Tip 2: Seek out inclusive activities – Food, rides, shows and souvenirs, a day at the theme park – vacation expenses add up pretty quickly. Consider seeking out options where one price includes everything. All-in-one activities are great for families on a budget. Does the water park include free lunch with your ticket? Does your amusement park pass include a ticket to the music show they present? How about free child care for mom and dad while they’re at the restaurant? Activities that include extras can make for a hassle-free day where you never have to take out your wallet.

Tip 3: Book a hotel with all the amenities – and perks  – A nice hotel with many amenities can make all the difference after busy days of sightseeing or visiting friends and family. Home2 Suites by Hilton, for example, have comfortable suites for the family to stretch out and sleep soundly each night. Cook a meal in the suite’s kitchen for a relaxing night in and a money-saving alternative to nightly dinner outings. Make a day of hanging out at the outdoor patio where you can grill lunch or simply relax and catch up with the family in the Oasis, the hotel’s common hub for social gathering. The saline-based pool, maintained with natural chemicals, is also a fun spot for the family to enjoy. Bringing the family pet? Enjoy time with your furry family member on the outdoor green area for pets at this pet-friendly hotel.

Tip 4: Cut your food costs - By eliminating eating out for one meal a day during your trip, you can save a lot of money. A family of four can spend $40 a day on breakfast at a restaurant – that’s $280 for a week’s vacation! By choosing a hotel that provides a complimentary breakfast, you can pocket that money for a fun activity, or save it for paying down the credit card bill when you get home. Not all hotel breakfasts are equal – look for options like the ones from Home2 Suites that provide a variety of tasty options to please everyone: hot breakfast sandwiches, cereal, yogurt, oatmeal and a variety of bakery products.

Tip 5: Pack light when flying -  With most airline carriers charging for luggage these days, your family can rack up fees quickly if everyone has a full bag to check. For example, at $25 per bag per flight, it costs a family of four $200 extra round trip. If you can cut down on the amount of clothes and supplies you bring, you can save a ton. Check only a couple bags or just use carry-on luggage. Then, look for accommodations that offer on-site guest laundry. If you stay with Home2 Suites, you can easily do laundry on-site and either relax in the outdoor common space, or grab a quick workout in the adjacent gym.

Family travel is quality time you spend together creating memories that will last a lifetime. With these strategies, your next trip will not only be memorable, but it will be affordable too.

By using any or all of the above vacation money saving tips for families, you will be well on your way to saving money AND having a great time with your family.

The Secret to Successful Dating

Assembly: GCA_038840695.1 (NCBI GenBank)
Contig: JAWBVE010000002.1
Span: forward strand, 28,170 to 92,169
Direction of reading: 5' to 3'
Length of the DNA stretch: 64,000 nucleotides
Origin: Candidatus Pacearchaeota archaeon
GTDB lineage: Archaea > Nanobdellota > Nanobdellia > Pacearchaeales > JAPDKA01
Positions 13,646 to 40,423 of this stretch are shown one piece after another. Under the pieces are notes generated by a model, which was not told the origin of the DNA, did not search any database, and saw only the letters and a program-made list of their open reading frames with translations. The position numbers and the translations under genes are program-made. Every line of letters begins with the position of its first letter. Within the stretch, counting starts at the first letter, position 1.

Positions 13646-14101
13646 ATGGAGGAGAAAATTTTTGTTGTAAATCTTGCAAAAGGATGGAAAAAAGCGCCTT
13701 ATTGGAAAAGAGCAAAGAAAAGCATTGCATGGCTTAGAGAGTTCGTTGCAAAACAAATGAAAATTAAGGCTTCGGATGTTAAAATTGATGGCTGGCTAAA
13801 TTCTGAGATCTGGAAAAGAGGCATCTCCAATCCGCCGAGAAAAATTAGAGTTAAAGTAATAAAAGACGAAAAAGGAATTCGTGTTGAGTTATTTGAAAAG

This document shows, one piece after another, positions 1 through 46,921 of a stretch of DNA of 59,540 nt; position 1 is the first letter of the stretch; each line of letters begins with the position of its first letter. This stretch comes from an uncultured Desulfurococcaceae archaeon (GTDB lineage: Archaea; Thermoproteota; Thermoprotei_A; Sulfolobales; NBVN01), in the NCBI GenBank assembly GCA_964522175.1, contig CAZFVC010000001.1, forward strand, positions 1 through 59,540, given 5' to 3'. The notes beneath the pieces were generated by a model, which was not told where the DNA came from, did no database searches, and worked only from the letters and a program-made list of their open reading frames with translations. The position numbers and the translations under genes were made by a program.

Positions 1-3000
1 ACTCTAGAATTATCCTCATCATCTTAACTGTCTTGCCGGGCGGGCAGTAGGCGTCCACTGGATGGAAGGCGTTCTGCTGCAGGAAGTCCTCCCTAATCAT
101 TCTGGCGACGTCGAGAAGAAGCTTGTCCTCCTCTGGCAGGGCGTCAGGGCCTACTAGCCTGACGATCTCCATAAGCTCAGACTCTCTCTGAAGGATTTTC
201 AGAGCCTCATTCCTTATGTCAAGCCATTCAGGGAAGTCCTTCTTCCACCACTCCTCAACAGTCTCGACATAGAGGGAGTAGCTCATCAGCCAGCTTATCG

February 07, 2012 By: RealLifeSolutions Category: Just for Fun No Comments →

The secret to successful dating is to get to know know yourself !  Many adults really don’t know themselves and therefore they end up selling themselves short when it comes to relationships.
(ARA) – Do you really need studies and statistics to convince you that you want to be in love? Probably not. It’s no surprise that research supports what you likely already know – that people in happy, committed relationships, on average, live longer, healthier, more fulfilling lives than their unattached peers.Even if you dated through high school and college, entering the dating world as a single, independent adult can be daunting. The rules and objectives seem to change when you’re out in the working world. Instead of just having fun, your dating priorities may shift toward finding that special someone whom you’ll want to be with long-term.When it comes to dating, knowing who you are and what you have to offer another person is every bit as important as knowing what you want. Here are some tips for learning about yourself, and how to parlay that self-knowledge into positive dating experiences.

Build your confidence

Self-assurance is communicated in so many ways. Whether it’s the willingness to take the next step in a relationship or simply knowing what you want to order for that romantic meal together, confidence is appealing on many levels. Take steps to build your self-confidence in your daily life, and it will spread to your dating life. Simple things like dressing neatly and well, standing and sitting tall, and even knowing your credit can help you feel more confident about yourself and what you have to offer another person.

Know your own value

Think about what you expect from the person you want to date. Do you want someone who takes care of him or herself emotionally and physically? Someone who is financially stable? Do you match that image? Take stock of what you have to offer another person, and consider every aspect of your life that could affect a long-term relationship. Consider your diet and exercise habits. Are they the kind that will help you live a healthy, long life? Check your credit on a site like Do you manage your credit well or are financial problems something you – and a potential partner – will have to deal with in the future?

Keep it real

It’s important to be honest with others in all your relationships, but it’s even more important that you’re honest with yourself. If your self-assessment uncovers things you don’t like about who you are or where your life is going, you need to acknowledge and address those things. Ignoring issues will not make them go away. Just as an untreated wound can turn infected, character issues or life situations that you don’t like will only worsen over time if you don’t take steps to deal with them.

Face your fears and challenges head on

Nelson Mandela once said the brave person is not someone who feels no fear, but someone who conquers that fear. Knowing your greatest fears and being able to face them is an important part of knowing yourself. It’s not always easy to get to the root of your fears; you may even think you have none. The truth is, everyone has a worst-case scenario they hope never happens, whether it’s losing their job, facing a life-threatening illness, or even never finding that special someone. The useful part of knowing what you’re afraid of is that you can take steps toward preventing it from happening, or toward being prepared in case it ever does.